President Joe Biden issued an executive memorandum Thursday night stipulating human rights conditions on all U.S. military aid after weeks of pressure from Senate Democrats concerned about Israel’s reported violations in Gaza.
But the White House said Friday it does not expect Biden’s executive action to result in the suspension of military aid to Israel. The executive action reiterates existing U.S. human rights laws governing arms transfers.
“There are no new standards in this memo,” White House press secretary Karine Jean-Pierre said at a Friday press conference. “Instead, we are spelling out publicly the existing standards by the international law, including the law of armed conflict.”
The executive memorandum requires any military aid recipient, including Israel and Ukraine, to submit written assurances it will comply with human rights laws or lose U.S. assistance.
All countries that receive U.S. military aid are already required to adhere to these standards under existing human rights laws. These include the Foreign Assistance Act and the Leahy laws, named after their author, former Sen. Patrick Leahy, D-Vt.
The Leahy laws cut off security aid to specific units of foreign militaries if the Pentagon and the State Department determine a country has committed a gross violation of human rights, such as shooting civilians or summarily executing prisoners.
“We did brief the Israelis on this,” said Jean-Pierre. “They reiterated their willingness to provide these types of assurances.”
Leahy, former administration officials and some lawmakers and congressional staffers say the arms transfers laws referenced in the memorandum have not been applied to Israel across multiple administrations, despite credible reports of human rights abuses.
A spokesperson for the White House National Security Council told Defense News “we have not seen any violations of the standards so have no plans to restrict assistance at this time.”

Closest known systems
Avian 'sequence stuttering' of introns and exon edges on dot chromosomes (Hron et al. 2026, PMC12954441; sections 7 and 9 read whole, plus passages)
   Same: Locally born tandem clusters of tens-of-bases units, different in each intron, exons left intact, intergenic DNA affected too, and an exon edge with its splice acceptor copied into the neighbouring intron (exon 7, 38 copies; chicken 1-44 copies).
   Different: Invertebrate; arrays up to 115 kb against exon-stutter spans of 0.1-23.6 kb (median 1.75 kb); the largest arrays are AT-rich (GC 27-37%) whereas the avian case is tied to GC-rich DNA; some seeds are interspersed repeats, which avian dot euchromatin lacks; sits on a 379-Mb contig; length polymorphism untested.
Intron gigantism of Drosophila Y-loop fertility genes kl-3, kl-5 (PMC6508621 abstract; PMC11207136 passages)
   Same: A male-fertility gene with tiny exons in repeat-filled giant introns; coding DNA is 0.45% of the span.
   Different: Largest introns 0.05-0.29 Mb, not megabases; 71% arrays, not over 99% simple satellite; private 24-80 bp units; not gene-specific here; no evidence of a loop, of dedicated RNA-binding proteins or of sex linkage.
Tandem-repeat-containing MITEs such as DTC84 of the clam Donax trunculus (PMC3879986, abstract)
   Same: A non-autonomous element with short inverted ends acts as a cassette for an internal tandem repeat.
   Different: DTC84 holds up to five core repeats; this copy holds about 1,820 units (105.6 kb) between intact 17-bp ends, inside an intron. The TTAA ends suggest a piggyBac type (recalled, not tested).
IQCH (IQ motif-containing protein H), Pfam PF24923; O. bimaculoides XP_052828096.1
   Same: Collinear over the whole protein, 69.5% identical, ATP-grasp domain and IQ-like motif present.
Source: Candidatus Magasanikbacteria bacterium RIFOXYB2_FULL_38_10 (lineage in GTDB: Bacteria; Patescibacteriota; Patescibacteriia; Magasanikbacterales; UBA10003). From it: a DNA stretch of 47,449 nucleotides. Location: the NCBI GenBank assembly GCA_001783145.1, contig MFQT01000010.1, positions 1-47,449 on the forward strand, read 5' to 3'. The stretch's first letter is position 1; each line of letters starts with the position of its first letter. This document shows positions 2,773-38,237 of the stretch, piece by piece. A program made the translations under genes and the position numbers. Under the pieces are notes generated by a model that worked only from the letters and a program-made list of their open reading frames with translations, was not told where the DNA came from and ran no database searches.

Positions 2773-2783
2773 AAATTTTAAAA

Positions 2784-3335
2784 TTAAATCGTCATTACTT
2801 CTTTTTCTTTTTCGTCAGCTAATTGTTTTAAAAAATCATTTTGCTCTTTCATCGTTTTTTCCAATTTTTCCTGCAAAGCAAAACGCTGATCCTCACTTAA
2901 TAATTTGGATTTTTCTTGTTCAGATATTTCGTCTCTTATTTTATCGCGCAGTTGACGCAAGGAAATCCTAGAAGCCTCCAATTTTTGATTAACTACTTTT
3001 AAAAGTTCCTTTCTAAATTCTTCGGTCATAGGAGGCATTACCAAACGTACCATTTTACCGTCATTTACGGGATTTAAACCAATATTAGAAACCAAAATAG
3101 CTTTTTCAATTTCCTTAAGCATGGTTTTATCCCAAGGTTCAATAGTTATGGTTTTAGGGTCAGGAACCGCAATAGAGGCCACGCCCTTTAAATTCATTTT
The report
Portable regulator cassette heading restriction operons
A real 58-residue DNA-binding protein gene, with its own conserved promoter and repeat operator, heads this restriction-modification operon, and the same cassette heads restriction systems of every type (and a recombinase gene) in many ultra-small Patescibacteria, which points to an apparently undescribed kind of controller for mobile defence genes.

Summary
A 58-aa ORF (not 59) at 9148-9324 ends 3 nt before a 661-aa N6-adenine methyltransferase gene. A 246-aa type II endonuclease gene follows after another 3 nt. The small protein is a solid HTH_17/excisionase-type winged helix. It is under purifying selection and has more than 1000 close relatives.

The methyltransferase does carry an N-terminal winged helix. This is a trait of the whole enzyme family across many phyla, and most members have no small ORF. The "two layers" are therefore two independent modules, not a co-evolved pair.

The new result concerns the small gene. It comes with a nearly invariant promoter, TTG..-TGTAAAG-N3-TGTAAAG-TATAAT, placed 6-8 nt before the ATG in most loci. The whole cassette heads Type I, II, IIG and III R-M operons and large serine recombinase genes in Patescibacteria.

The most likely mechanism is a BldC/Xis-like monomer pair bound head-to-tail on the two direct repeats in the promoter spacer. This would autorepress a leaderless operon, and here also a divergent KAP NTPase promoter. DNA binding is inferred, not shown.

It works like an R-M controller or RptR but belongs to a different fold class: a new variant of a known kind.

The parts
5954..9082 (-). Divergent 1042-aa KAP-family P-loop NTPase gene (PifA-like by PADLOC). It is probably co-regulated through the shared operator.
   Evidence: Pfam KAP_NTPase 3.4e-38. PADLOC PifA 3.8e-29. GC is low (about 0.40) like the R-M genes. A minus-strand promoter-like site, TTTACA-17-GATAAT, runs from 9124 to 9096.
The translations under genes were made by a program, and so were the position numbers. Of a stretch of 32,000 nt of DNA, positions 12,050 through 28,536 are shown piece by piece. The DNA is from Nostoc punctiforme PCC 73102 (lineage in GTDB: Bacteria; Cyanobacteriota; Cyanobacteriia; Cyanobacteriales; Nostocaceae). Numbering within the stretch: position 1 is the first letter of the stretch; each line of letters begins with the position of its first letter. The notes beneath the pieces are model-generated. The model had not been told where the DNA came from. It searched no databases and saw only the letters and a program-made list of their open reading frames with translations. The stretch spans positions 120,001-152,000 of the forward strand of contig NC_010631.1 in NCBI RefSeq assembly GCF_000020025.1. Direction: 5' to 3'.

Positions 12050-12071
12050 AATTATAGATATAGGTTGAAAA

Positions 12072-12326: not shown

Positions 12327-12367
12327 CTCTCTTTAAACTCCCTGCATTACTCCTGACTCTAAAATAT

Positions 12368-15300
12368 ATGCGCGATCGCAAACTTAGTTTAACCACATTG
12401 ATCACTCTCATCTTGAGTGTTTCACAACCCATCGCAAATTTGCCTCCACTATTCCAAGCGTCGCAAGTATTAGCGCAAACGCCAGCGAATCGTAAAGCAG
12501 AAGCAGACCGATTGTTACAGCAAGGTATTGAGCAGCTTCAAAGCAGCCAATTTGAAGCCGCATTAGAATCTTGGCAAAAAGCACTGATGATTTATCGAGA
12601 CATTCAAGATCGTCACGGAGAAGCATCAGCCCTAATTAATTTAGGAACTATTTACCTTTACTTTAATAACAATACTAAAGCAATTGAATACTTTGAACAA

Sarah Harrison, who was the Pentagon’s lead attorney for Leahy law human rights vetting between 2017 and 2021 and now is a senior analyst at the International Crisis Group think tank, said the memorandum appears to be “another performative measure by the Biden administration to kind of stave off critics because they were getting a lot of heat from the Senate on this.”
Israel and Ukraine signed similar agreements in December 2021 pursuant to the Leahy laws stating they will not transfer U.S.-provided security assistance to an ineligible military unit if the State Department determines it’s responsible for a gross human rights violation. The State Department has given Kyiv a list of Ukrainian units that have committed human rights violations, rendering them ineligible for U.S. security assistance, but has not done the same for Israel.
Jean-Pierre noted the White House memorandum “emerged in part with our discussions with members of Congress” as lawmakers struggle to pass Biden’s $95 billion foreign aid request that includes $14 billion in additional military aid to Israel and $60 billion in more support for Ukraine.
Sens. Chris Van Hollen, D-Md., and 18 members of the Democratic caucus have introduced an amendment to the spending bill that would reinforce existing law under the Foreign Assistance Act. The provision bans military aid to countries that obstruct the delivery of U.S. humanitarian assistance. A December Human Rights Watch report found Israel is using starvation as a weapon of war in Gaza, amounting to a war crime.
Biden’s executive memorandum largely mirrors language in Van Hollen’s amendment. Van Hollen and his allies first started discussing the language with the White House in December.
The Senate is expected to vote on final passage of the $95 billion foreign aid bill over the next few days, but senators may not have opportunities to offer amendments. The bill’s fate in the House is also unclear amid substantial Republican opposition to additional Ukraine aid.
Bryant Harris is the Congress reporter for Defense News. He has covered U.S. foreign policy, national security, international affairs and politics in Washington since 2014. He has also written for Foreign Policy, Al-Monitor, Al Jazeera English and IPS News.